The volume of scholarly and scientific research data available is projected to grow by a factor of 44 over the decade from 2010 to 2020, going from 0.8 zetabytes (ZB) to more than 35 ZB (1 ZB = 1 trillion gigabytes). In response to this unfathomable amount of information, the IP & Science business of Thomson Reuters convened a Forum of industry experts to discuss issues and potential solutions for the scholarly challenges ahead. It published its first output today in a whitepaper titled “Unlocking the Value of Research Data,” where Forum experts discuss the complexity of the issue and offer recommendations for the future.
Challenges outlined in the paper include:
1. Providing uniform access to a broad variety of research outputs, including limitations in making the data available, searchable and retrievable
2. The quality of the data and filtering content not yet subject to conventional peer review
3. Ways to incent researchers to ensure their works are accounted for and attributable
4. Open access and knowing what is to be copyrighted versus what is part of the public domain
5. The transformation of publishers from a pay-to-read to a pay-to-publish model
6. New forms of research assessment
The whitepaper highlights a number of organizations currently working to address these challenges, including figshare, the Research Data Alliance (RDA), the International Council of Science (ICSU) Data Publication Working Group, and Thomson Reuters with its Data Citation Index. The changing scholarly landscape will affect publishers, funders, authors, researchers and other stakeholders.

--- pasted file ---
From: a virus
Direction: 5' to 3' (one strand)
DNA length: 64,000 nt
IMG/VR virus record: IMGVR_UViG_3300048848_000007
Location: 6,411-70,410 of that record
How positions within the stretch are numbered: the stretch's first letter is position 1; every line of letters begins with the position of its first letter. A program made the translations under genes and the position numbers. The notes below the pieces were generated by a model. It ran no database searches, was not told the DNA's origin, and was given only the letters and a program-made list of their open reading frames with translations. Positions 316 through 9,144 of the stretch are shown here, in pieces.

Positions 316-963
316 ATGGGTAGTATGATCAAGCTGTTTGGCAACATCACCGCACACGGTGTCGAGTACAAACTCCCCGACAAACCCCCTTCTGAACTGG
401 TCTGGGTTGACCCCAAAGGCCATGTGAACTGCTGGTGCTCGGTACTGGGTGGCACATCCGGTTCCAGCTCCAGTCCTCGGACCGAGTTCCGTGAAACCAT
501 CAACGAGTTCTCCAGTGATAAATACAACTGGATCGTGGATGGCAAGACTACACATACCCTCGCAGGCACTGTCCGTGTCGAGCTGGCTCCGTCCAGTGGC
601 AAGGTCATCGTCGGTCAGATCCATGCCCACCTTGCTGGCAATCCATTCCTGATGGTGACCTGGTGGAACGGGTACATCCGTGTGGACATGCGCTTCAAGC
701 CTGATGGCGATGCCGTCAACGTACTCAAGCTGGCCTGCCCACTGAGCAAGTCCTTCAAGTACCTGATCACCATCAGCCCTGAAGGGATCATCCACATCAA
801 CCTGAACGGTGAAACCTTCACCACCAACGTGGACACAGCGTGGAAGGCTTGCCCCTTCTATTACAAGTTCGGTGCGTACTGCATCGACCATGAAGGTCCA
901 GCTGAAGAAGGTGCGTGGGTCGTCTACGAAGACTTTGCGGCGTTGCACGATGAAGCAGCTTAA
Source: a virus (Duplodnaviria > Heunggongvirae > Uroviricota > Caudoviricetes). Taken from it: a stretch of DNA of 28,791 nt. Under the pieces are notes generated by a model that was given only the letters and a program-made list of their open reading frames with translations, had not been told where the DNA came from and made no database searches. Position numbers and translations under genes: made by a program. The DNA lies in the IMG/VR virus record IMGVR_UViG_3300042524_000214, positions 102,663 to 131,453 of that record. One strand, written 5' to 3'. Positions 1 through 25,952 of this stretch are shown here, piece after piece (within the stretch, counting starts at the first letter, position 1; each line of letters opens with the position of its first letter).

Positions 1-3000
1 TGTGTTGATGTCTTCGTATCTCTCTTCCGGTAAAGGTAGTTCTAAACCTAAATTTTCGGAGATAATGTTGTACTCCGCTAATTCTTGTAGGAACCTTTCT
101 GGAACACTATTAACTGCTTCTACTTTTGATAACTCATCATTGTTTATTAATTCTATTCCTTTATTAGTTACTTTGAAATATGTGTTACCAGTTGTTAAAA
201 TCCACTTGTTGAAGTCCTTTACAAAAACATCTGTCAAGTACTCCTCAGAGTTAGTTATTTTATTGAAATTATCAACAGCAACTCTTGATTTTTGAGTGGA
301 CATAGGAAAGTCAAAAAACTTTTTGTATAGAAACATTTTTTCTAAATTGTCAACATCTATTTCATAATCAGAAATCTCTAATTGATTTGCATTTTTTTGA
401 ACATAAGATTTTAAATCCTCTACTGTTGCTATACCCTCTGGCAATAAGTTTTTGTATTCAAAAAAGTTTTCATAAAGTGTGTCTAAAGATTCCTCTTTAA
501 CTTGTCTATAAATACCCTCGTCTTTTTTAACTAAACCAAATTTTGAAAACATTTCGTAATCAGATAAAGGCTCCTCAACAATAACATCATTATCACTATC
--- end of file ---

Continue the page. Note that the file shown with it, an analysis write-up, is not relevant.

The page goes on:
“Taming the tsunami of data that is to come in the next decade is a critical issue for everyone involved in scholarly and scientific research,” said Jasper Simons, vice president of product and market strategy for publishers and associations, Thomson Reuters Scientific & Scholarly Research and leader of the Industry Forum. “Thomson Reuters is pleased to be working with experts from across this field to delve into these matters and collaboratively find solutions. We are all to benefit from the solutions that unfold, as they will accelerate the pace of future research and innovation.”
The Forum recommends creating a consortium of publishers and associations to develop standards that will guide new modes of communicating and sharing data. The Thomson Reuters Data Citation Index is a step in that direction by providing new ways to share data; it gives users a comprehensive view of the genesis of a research project and the ability to influence the future paths it may take while minimizing the duplication of work and speeding scientific research.
Read the Thomson Reuters Industry Forum whitepaper on Unlocking the Value of Research Data. Other topics the Forum will cover include Open Access, Content Enrichment, Post Publication Peer Review and Research Workflows.